Thursday, September 15, 2011

Tour of the OR

Tuesday after three hours of lecture it was finally the time we’ve (my class) all been waiting for this week…time for the big tour of the Operating Room.  Our clinical group headed down the long hallway from our school building to the operating floor of the connected hospital.  We stepped beyond the double doors of the Restricted Area where “authorized personnel” are only allowed to go, to see what really goes on. 
The first thing we saw were more hallways with office doors and at the end of that hallway we saw a cart that had rows and shelves of different size scrubs all the same boring color of a medium shade of blue.  We were asked to grab a size that fit us and go into an adjacent locker room to get dressed.  There were nine of us trying to fit into a small locker room and good thing we weren’t too shy because we had to get down to undies and bras next to one another.  After we were all dressed appropriately we grabbed a cap to pull back all of our wild hair and shoe covers. 

We were brought to the OR #1 where there was a robotic machine similar to a giant praying mantis with long arms.  I do not recall the name of the machine but it has the capabilities to do surgery guided by a surgeon behind two small pincher controllers on the other side of the room.  This machine does hysterectomies and prostatectomies just to name a couple.  I was surprised at the amount of questions I asked regarding the small details of what was involved with surgery of this sort.  I even asked one of the nurses taking us on this tour to get behind the controls to show us what it would look like if a surgeon was sitting there.  I like visuals.
Next we just walked up and down to show us what the scrub sinks looked like and then it happened…we walked past a room that had an actual surgery going on.  I must say after glancing through the window it looks nothing like Grey’s Anatomy, the top surgeon wasn’t standing there making light conversation with just a scrub top on and his chesty hair sticking out.  These people were dressed head-to-toe with very little skin showing.  The surgery that we pasted by and witnessed was a Left Total Knee Replacement, according the RN giving us the tour, she said the people in the room have to wear what looks like Hazmat face shields in case of flying debris like bone that could hit them in the face or head.  YUCK!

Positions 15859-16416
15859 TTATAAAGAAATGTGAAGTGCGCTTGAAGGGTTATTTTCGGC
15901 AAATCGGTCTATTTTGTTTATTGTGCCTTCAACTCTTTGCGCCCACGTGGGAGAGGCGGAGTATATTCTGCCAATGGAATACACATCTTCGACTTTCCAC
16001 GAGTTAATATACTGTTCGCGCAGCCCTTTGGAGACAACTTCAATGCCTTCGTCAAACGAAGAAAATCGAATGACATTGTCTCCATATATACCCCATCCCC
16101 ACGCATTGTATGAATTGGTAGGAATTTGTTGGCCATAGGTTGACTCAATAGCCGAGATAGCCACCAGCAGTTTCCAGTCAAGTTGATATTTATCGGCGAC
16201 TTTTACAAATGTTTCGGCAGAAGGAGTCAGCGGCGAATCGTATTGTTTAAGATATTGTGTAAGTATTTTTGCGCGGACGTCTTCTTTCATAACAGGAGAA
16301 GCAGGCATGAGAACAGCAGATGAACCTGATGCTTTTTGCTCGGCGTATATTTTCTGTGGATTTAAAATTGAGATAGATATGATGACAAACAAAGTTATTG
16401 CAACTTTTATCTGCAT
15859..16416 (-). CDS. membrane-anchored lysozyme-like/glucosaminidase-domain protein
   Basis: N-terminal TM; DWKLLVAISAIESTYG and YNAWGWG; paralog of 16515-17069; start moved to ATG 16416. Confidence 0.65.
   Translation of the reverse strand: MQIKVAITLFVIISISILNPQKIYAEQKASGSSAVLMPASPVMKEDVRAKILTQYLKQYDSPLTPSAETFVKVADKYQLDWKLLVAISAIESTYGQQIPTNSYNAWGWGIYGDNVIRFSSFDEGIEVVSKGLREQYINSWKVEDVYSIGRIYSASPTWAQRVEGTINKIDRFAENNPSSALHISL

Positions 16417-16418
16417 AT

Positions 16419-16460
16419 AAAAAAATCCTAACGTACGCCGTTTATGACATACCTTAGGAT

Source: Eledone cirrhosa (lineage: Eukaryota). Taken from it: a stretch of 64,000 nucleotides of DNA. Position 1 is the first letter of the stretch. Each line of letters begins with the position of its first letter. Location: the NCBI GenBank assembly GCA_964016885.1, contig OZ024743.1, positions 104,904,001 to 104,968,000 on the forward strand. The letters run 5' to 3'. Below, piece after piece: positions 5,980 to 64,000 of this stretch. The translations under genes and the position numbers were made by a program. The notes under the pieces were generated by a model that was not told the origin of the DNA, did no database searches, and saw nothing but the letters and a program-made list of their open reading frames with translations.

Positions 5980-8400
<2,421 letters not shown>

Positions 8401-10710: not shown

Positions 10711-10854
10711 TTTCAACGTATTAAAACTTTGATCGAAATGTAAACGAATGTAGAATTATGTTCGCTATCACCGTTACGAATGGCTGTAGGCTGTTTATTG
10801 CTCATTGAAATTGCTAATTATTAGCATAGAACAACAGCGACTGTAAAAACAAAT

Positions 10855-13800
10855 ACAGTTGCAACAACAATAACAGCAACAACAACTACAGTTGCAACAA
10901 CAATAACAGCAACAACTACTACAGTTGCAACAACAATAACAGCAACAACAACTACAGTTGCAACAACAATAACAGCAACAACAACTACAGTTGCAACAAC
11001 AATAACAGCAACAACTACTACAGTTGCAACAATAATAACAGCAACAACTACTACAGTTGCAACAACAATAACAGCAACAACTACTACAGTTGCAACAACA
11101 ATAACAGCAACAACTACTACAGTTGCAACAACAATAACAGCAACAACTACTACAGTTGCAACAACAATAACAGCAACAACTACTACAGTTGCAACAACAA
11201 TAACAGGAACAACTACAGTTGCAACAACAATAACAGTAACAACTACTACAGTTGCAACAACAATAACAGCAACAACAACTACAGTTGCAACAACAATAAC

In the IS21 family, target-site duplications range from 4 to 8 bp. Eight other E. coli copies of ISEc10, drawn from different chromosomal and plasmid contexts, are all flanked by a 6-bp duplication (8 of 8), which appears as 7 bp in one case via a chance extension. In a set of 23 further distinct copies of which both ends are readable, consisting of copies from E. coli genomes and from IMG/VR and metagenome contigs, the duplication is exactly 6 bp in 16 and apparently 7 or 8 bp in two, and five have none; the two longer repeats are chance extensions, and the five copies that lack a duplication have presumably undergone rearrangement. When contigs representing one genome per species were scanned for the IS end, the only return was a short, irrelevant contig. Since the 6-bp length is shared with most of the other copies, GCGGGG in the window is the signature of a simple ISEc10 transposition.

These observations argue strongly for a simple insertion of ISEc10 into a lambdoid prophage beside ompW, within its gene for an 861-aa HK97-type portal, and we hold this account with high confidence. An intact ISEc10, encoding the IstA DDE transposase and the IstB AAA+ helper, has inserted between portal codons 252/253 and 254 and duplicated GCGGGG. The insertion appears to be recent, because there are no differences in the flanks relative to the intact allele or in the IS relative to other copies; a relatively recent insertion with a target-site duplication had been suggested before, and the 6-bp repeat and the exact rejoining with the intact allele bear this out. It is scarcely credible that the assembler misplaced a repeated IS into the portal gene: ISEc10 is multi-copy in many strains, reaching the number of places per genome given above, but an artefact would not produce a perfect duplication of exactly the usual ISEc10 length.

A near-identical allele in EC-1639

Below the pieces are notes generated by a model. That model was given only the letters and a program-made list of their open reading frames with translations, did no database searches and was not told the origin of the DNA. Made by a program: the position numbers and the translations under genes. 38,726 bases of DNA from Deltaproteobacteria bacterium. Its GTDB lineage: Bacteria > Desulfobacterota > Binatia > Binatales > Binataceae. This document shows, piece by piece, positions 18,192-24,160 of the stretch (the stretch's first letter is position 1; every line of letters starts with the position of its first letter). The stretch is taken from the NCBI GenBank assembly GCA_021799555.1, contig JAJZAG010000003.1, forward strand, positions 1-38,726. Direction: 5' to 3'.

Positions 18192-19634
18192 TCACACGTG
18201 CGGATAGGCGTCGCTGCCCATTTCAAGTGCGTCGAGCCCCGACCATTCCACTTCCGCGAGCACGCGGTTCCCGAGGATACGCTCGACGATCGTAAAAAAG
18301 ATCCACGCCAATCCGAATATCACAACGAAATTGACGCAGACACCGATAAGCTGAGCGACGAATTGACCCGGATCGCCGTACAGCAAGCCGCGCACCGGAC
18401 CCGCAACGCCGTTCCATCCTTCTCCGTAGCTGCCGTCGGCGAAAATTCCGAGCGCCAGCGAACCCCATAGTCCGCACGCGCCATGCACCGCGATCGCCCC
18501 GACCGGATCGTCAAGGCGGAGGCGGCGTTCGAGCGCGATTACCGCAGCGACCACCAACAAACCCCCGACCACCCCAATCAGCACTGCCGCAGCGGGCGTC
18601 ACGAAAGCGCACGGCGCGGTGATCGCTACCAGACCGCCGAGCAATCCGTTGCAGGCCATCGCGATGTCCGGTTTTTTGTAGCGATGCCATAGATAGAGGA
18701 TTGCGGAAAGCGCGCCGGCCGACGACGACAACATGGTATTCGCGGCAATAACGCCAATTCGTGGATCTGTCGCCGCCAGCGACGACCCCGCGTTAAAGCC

What I saw was a patient’s left leg being operated on; the skin looked like an unhealthy tan color which later I figured was un-oxygenated skin flapped open while the surgeon was standing and doing his thing.  To the left of the surgeon I saw on a cart, three gauze rolls about 2” in diameter and 3” wide soaked with blood.  My girlfriend in class shouts out that it looks like when she goes hunting and the deer is “quartered”.  She had no problems, while I was second guessing my interest in the OR setting professionally.
Will I ever figure out what I want to do when I graduate?  Lastly we were shown the PACU with patients waiting in preop and patients who were recovering in postop bays. 

Ultimately the experience was cool, and I’ll be having MY time observing on 12/5.  What I thought was funny, was the preference of music that the nurse made mention to us.  She said that while the ortho docs liked Rock music, the cardiologists preferred no music all.  How funny that any professional doing work in a surgery suite has the option to listen to music at all.


  1. Oh my word, I was picturing in my head with your descriptions and almost felt myself getting nauseated for you! Yuck! Glad you had a good time though....

  2. Yeah, I don't know that I could do surgery/OR either...just not really my thing. I went into this whole deal with an interest in OB...and each time I think about something else, I always end up back with that OB interest. I'm thinking that might actually be my thing. So looking forward to OB class next semester!

  3. Love the OR that is my goal. It was the da Vinci Robot that you saw. For the knee add a ton of Betadine to that skin flap and that is what gave it the weird tan color. Oh I love it yes I do! I spent 3 or 4 shifts in the OR in semester 2 and was hooked. Trauma, skin graft, amputation, a few colys, an appy, a wound excising and drain placement too.

  4. Dominique-I had a good time to be able to venture somewhere new in the hospital, but that leg was pretty nasty.

    Kendra-I have OB next semester too, and I have a small interest in OB, but not enough to say sign me up.

    Christine-I just don't know if the OR is for me, but I will give it a whole hearty try in Dec. for my observation date and I'll let you all know what I think.